Three schools from Newham, Dagenham and Redbridge have expressed an interest and have started reading the book with children. The hope is that it can help to integrate SEN pupils and promote understanding of Autism and in particular Asperger. There has already been some excellent feedback with pupils and parents who have connected with the book and for whom it has made a difference.
It has also just been selected by a school as a resource to fulfil the Inclusivity Module for their QuILT Accreditation – great news!
There is a PHOTO SHOOT next week where I look forward to meeting pupils, reading the book with them and having a Q&A session!
I’ll keep you updated about future news/media interest as it comes in.
Don’t forget to check out the Children’s Review page on my website to read what some of the children have to say!
What a lovely comment left on my FaceBook page – humbling and heart warming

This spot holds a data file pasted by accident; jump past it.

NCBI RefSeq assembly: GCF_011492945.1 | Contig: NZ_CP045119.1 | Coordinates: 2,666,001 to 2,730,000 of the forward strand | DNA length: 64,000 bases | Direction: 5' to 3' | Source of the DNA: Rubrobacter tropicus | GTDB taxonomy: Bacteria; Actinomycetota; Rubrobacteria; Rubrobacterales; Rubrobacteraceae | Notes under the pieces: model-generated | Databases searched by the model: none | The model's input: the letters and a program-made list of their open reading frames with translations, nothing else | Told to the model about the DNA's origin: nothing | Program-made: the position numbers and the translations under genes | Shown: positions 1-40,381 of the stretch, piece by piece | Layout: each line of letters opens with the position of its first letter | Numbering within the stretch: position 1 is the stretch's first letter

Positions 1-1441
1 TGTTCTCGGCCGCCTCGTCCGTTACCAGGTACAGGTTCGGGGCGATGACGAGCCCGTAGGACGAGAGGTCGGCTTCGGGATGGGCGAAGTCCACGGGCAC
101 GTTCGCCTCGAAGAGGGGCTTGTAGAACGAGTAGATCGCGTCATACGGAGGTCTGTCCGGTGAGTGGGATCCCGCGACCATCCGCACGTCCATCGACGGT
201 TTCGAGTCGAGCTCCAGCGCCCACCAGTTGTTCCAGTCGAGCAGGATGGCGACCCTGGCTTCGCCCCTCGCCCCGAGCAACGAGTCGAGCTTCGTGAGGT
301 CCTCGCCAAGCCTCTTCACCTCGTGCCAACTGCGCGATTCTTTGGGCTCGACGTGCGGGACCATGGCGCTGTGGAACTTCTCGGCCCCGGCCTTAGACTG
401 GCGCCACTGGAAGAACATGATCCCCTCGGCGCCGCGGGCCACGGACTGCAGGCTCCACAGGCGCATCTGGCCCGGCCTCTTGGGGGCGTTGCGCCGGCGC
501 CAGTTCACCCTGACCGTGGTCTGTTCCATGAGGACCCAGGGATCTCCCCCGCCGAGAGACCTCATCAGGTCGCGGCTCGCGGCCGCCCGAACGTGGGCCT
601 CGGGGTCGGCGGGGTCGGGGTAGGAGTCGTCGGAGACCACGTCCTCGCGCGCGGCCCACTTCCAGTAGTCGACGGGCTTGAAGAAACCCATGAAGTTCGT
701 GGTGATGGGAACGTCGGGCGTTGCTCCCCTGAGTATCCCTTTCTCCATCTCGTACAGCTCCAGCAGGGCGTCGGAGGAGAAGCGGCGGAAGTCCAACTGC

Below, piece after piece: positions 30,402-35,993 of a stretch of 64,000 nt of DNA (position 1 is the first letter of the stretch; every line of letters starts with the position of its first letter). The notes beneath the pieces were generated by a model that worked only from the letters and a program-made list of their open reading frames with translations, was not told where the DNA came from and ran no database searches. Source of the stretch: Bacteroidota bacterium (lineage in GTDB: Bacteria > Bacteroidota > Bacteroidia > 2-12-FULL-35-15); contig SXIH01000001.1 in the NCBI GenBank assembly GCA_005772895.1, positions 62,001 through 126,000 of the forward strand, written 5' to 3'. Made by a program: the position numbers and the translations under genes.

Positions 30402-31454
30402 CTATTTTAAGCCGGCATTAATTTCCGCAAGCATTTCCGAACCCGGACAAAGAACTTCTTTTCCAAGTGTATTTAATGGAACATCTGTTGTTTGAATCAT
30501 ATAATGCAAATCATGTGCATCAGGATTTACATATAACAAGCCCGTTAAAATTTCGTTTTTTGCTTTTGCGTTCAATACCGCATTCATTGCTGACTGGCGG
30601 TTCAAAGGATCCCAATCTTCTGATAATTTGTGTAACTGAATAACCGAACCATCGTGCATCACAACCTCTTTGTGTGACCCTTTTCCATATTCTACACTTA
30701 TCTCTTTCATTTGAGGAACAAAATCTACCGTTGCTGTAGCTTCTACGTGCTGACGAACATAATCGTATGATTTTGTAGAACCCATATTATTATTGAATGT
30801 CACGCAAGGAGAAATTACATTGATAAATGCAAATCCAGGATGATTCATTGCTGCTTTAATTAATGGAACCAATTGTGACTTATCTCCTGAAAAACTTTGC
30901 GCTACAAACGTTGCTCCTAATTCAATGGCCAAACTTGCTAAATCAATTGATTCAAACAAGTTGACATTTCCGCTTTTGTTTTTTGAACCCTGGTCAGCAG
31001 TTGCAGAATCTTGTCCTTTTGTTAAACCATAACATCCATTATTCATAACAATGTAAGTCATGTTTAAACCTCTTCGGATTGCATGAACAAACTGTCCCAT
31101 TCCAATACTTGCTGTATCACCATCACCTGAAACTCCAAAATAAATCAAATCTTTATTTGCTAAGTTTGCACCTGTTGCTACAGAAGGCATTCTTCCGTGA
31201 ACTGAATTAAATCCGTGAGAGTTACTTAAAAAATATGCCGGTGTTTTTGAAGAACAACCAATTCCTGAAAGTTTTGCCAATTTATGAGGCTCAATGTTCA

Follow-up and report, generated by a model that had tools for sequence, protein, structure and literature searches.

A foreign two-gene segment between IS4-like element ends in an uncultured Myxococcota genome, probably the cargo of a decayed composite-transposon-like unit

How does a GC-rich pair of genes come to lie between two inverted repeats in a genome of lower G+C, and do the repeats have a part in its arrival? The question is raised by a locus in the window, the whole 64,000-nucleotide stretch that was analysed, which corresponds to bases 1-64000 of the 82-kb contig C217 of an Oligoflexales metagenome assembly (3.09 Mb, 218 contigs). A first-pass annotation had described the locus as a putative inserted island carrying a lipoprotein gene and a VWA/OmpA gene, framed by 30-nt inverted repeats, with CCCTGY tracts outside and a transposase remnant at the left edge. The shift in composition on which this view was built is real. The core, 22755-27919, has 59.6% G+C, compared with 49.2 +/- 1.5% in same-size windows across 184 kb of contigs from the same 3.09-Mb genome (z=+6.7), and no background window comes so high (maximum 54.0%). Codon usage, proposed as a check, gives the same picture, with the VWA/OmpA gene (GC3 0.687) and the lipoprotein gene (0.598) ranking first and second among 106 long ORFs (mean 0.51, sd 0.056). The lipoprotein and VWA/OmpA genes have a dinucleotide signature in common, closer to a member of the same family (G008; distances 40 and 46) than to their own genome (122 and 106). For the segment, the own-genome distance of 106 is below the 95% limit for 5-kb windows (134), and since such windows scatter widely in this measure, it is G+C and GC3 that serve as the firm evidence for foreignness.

What a wonderful review!!!
“The book isn’t preachy, and nor is it moralistic. It does, however, pack a powerful message: That schools must do more to facilitate the inclusion of SEN children. It also identifies the single-most important point of mainstream education – that no children, with and without SEN, are “mainstream” at all. All children need the support of their peers and teaching staff to thrive.”
Arty Tardy is a journey rather than a story. The author, Kitty Clairmont has a wonderful way of captivating her audience and addressing what are sometimes ‘delicate’ issues – in this case SEN; in particular a boy named David (Tardy) with aspergers.
This book takes you through David’s dilemmas of daily life and allows you to see through his perception just how menial things for you and I, are often life altering when dealing with aspergers.
Kitty Clairmont’s clever use of language not only allows you the capability of envisaging David’s story and the vision through young eyes, but also opens your heart and mind to the many obstacles with which as adults we take for granted.
This is a must read for all; being young, old, for pleasure or educational purposes.
A pause for thought for us all:
“My school is like a horse chestnut tree. the branches are the teachers and the flowers are the children. Some of us have blotches of different colours and are different sizes and shapes but we are really all the same.” (P.117)